Light rail will buzz along the I-5 corridor between Lynnwood and Northgate in a few years.
At some points, the Interurban Trail could run alongside it. At others, it may be on the opposite side of the freeway. Where Sound Transit light rail stations and the track get built will determine the path’s proximity between Lynnwood City Center and Everett Station.
But active transportation advocates are seeking better connections to light rail as one consideration of a regional trail network through King, Kitsap, Pierce and Snohomish counties. Trails can be one more way of getting people to light rail without a car.
On Saturday, organizers from Leafline Trails Coalition and Snohomish County Transportation Coalition (Snotrac) hosted a bike tour of the Interurban Trail.
“A person driving doesn’t have to worry about getting where they have to go,” Snotrac executive director Brock Howell said. “… That just is not the case for biking and walking infrastructure.”
A few dozen people joined the “policy ride” that stopped at a few locations in Edmonds, Mountlake Terrace and Lynnwood.
Interurban Trail is managed by Snohomish County, the Snohomish County Public Utility District, and the cities it crosses through enroute to Seattle. The shared management has made for an inconsistent experience through Snohomish County at times.
But Snohomish County Director of Conservation and Natural Resources Tom Teigen said those agencies are working on long-term agreements.
In 2018, Lynnwood built a missing link at 212th Street SW near 63rd Avenue W, which Howell called an example of improvements for trail use.
The 8-mile tour started at the Mountlake Terrace Senior Community Center and cruised north toward the Lynnwood Transit Center, also called Lynnwood City Center. Construction of light rail there closed the nearby section of trail in July. A detour asks cyclists to dismount in spots.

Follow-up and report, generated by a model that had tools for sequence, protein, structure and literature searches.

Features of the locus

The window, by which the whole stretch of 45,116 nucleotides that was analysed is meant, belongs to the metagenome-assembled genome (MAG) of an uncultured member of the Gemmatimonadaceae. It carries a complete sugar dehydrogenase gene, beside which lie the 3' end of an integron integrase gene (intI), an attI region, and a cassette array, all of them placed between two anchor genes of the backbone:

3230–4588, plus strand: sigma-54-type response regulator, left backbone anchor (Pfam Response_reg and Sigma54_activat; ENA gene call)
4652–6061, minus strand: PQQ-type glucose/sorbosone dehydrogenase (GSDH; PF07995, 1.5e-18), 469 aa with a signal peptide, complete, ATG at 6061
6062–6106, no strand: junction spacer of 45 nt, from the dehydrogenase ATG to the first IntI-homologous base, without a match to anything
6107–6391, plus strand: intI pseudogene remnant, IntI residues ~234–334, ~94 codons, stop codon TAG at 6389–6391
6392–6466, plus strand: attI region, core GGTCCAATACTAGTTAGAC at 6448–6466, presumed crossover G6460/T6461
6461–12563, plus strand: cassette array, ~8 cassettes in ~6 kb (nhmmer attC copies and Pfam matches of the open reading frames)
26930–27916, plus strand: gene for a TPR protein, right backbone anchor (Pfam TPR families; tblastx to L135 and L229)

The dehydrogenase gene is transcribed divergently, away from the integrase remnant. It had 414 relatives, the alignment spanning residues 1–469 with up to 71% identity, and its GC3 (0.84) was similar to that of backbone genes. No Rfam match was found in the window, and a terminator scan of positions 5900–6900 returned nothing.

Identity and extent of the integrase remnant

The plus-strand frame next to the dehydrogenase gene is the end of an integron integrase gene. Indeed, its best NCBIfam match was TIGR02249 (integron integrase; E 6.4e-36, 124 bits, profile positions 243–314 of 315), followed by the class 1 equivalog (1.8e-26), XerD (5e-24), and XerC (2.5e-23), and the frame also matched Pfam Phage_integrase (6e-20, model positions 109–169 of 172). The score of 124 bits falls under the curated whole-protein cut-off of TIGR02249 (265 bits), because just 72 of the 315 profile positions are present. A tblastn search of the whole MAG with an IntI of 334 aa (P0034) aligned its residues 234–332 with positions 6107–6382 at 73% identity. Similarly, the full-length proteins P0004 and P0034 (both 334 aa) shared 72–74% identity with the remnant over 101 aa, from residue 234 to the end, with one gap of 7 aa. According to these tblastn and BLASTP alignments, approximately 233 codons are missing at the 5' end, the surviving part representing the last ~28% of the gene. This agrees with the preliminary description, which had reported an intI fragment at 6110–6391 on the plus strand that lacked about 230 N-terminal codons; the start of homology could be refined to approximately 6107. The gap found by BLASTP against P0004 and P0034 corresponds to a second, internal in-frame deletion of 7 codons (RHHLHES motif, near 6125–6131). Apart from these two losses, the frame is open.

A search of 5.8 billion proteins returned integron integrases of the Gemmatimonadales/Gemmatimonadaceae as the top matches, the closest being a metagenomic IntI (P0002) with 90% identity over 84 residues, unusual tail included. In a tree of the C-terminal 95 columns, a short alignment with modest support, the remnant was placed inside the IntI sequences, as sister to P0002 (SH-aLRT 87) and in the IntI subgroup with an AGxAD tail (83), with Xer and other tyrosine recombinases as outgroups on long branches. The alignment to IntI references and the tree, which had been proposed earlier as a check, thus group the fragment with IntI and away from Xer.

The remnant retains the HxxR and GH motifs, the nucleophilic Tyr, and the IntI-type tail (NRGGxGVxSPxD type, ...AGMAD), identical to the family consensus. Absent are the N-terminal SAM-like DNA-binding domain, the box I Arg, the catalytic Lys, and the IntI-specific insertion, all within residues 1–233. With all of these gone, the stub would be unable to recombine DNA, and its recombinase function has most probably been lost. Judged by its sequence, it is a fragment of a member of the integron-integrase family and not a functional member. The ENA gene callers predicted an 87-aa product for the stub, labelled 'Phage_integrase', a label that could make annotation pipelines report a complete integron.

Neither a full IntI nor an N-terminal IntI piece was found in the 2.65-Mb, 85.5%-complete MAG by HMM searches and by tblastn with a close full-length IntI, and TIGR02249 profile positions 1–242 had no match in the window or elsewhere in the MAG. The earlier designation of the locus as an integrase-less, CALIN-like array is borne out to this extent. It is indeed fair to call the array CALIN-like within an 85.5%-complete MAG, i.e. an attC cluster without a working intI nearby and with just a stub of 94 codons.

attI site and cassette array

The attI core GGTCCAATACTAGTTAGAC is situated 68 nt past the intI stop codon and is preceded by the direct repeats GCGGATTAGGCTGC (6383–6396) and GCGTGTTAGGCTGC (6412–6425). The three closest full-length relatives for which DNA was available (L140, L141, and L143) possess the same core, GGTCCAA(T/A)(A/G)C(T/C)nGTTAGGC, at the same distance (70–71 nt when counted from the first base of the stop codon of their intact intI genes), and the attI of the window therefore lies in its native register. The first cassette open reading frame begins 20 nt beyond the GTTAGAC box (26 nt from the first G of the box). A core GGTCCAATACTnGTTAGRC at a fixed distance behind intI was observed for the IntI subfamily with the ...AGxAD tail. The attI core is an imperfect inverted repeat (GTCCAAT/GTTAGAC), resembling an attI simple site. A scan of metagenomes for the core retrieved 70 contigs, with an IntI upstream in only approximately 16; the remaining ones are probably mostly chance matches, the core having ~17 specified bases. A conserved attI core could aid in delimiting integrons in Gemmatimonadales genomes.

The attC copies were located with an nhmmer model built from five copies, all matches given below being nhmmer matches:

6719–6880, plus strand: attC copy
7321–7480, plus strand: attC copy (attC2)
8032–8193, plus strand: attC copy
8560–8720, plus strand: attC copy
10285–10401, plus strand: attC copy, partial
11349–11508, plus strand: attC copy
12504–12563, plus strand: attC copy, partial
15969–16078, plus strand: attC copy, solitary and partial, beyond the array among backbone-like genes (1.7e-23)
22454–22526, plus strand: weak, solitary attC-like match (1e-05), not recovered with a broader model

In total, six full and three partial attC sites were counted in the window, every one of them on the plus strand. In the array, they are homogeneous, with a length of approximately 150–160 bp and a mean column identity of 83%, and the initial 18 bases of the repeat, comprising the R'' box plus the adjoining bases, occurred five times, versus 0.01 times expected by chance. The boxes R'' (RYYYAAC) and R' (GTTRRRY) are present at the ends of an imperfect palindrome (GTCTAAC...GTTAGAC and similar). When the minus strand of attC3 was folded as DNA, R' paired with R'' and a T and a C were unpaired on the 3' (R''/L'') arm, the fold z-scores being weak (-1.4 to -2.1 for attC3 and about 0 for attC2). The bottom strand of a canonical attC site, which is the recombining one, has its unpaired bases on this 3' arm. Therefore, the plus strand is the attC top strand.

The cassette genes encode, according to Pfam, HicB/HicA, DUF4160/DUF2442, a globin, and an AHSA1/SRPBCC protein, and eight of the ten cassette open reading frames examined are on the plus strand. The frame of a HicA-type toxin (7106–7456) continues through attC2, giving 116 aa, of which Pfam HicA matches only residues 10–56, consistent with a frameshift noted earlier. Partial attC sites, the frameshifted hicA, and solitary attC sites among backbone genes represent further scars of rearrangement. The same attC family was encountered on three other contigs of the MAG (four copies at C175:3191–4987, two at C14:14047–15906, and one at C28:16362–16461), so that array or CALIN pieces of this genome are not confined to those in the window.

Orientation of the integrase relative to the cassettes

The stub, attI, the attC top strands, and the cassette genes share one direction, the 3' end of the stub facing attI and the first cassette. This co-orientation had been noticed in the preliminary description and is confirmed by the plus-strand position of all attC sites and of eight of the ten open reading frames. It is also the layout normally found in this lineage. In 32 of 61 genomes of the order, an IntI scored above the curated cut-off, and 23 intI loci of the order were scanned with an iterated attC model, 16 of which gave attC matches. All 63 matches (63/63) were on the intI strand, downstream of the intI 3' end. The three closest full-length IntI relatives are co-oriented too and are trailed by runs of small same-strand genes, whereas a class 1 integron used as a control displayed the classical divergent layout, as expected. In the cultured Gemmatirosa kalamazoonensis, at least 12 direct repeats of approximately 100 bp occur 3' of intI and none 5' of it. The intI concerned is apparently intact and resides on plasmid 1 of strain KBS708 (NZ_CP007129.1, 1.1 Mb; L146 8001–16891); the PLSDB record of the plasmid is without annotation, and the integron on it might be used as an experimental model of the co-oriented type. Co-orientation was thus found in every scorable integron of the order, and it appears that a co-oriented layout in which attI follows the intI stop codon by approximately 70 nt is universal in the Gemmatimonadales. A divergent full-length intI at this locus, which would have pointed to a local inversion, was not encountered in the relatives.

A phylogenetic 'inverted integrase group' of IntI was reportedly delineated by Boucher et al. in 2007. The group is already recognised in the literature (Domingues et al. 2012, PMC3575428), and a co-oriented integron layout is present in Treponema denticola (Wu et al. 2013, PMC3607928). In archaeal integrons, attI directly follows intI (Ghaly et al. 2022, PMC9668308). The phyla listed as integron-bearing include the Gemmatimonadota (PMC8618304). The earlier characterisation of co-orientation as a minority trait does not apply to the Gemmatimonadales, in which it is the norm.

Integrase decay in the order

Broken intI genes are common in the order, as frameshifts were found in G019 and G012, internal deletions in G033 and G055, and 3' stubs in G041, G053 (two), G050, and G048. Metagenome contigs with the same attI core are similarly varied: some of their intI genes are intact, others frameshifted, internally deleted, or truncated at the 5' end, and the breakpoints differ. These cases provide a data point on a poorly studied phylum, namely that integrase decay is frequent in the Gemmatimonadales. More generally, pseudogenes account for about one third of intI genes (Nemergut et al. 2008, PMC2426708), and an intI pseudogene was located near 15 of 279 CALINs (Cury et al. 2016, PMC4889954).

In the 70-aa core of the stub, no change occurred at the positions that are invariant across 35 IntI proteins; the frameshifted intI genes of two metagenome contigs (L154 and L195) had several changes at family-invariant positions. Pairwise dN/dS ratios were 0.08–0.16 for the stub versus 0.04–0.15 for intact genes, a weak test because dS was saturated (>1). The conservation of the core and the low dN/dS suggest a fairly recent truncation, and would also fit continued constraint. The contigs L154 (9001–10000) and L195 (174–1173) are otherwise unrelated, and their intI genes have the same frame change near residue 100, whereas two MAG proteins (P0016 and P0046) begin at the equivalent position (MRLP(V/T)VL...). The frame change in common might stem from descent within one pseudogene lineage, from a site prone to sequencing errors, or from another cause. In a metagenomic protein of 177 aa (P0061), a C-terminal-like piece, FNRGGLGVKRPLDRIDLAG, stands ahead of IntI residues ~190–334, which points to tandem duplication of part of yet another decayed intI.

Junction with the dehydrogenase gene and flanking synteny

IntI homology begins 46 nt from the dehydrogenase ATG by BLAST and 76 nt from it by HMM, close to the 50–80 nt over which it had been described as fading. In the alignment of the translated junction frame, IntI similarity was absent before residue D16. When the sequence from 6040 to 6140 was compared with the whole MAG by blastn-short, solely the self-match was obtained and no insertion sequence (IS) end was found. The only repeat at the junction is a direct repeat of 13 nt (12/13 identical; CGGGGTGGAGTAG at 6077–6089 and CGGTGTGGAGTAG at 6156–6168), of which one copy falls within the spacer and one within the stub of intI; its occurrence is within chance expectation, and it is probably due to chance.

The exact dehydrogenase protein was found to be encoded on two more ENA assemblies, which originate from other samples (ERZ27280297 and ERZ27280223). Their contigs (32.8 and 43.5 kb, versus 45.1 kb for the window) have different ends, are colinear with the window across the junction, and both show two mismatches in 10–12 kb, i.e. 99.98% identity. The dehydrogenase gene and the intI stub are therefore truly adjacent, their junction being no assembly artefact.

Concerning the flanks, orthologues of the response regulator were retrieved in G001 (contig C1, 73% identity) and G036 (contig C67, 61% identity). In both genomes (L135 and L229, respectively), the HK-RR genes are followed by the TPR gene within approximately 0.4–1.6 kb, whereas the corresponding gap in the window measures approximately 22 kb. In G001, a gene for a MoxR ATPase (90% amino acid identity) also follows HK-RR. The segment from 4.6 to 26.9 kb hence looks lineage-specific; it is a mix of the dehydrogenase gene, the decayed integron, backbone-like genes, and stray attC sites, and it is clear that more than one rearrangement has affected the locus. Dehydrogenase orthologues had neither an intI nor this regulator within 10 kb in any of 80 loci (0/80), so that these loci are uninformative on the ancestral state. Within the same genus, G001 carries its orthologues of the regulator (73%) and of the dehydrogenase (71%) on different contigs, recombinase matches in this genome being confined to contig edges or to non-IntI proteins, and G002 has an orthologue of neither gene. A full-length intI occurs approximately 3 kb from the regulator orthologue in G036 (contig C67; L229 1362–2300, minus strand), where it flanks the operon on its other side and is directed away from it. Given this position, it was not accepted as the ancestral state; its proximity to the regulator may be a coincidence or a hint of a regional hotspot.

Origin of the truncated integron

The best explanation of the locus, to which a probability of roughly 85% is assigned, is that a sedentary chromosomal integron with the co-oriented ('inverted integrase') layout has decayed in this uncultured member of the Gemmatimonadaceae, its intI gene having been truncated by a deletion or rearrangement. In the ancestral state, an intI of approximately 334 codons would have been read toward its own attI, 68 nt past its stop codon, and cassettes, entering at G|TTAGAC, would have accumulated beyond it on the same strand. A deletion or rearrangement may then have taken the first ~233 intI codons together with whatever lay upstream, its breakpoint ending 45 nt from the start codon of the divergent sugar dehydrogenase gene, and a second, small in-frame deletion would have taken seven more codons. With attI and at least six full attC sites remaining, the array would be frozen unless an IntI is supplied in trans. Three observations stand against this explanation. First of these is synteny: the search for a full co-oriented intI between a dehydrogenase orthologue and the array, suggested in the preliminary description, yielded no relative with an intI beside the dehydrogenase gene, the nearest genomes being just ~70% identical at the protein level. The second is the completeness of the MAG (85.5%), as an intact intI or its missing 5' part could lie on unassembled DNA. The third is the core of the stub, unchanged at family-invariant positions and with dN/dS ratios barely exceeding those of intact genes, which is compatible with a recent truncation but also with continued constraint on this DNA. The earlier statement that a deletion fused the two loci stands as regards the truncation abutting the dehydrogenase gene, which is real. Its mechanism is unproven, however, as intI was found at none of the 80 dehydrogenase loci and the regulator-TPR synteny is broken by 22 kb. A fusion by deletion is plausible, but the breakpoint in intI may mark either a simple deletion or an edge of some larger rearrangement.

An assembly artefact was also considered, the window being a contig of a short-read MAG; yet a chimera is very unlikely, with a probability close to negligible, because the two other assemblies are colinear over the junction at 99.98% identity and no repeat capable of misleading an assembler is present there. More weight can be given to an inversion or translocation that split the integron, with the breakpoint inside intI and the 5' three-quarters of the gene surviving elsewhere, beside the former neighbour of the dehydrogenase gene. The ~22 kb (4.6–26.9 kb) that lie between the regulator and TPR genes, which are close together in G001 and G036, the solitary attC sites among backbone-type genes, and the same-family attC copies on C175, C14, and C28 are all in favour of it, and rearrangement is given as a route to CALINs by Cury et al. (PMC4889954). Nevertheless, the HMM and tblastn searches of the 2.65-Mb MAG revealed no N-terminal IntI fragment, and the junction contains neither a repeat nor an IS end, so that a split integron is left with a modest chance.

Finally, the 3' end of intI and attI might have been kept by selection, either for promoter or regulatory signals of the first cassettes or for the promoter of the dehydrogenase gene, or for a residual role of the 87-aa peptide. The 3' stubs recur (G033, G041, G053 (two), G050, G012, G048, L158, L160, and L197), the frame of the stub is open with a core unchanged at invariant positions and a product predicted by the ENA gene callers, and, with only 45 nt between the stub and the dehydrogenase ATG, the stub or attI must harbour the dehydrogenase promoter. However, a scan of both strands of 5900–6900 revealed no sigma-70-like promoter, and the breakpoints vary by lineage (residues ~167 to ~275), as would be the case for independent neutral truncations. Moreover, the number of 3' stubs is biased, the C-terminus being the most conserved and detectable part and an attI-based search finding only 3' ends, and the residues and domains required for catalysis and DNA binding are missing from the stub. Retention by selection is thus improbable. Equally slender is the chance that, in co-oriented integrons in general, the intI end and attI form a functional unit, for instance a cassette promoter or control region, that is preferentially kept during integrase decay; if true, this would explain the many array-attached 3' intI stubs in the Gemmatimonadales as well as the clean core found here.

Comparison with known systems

Bike and pedestrian paths separated from traffic with long uninterrupted stretches can serve a similar role to light rail in moving people between communities, said Luke Distelhorst, a Leafline member and Edmonds City Councilmember.
But the Interurban Trail intersects with vehicles at dozens of locations and shares the road in some stretches. Even on the short trek Saturday, the trail crossed roads at several intersections and was a combination of separated path, shared sidewalk, and unprotected bike lanes on the road.
Following the trail straight through 76th Avenue W, it leads to a dead end at Mathay-Ballinger Park.
Officially, Interurban turns onto 76th Avenue W as a bike lane on the road. Going south it is uphill through the intersection with Highway 104. Shoreline is on the other side of the highway.
“Think about how nice and calm it was just north of here,” Distelhorst said to the cyclists in a parking lot near the highway intersection Saturday.
The difficulty of pedaling up the hill and putting cyclists on the road next to drivers keeps more people from riding it, Distelhorst said.
That’s a problem across the Puget Sound region, Leafline project manager Claire Martini said.
“What we have today are a number of really fantastic facilities,” Martini said. “But even some of our longest trails in the region have gaps that make it so it’s not a comfortable all ages and abilities trip.”
Back at the start of the ride at Mountlake Terrace Senior Community Center, others pedaled east on the Lakeview Trail. That 1-mile sidewalk path connects the Interurban Trail to the Mountlake Terrace Transit Center, which also will host a light rail station.
“I think there’s a lot of work we can do in Snohomish County on improving existing trails and then putting together a vision for new trails,” Distelhorst said.
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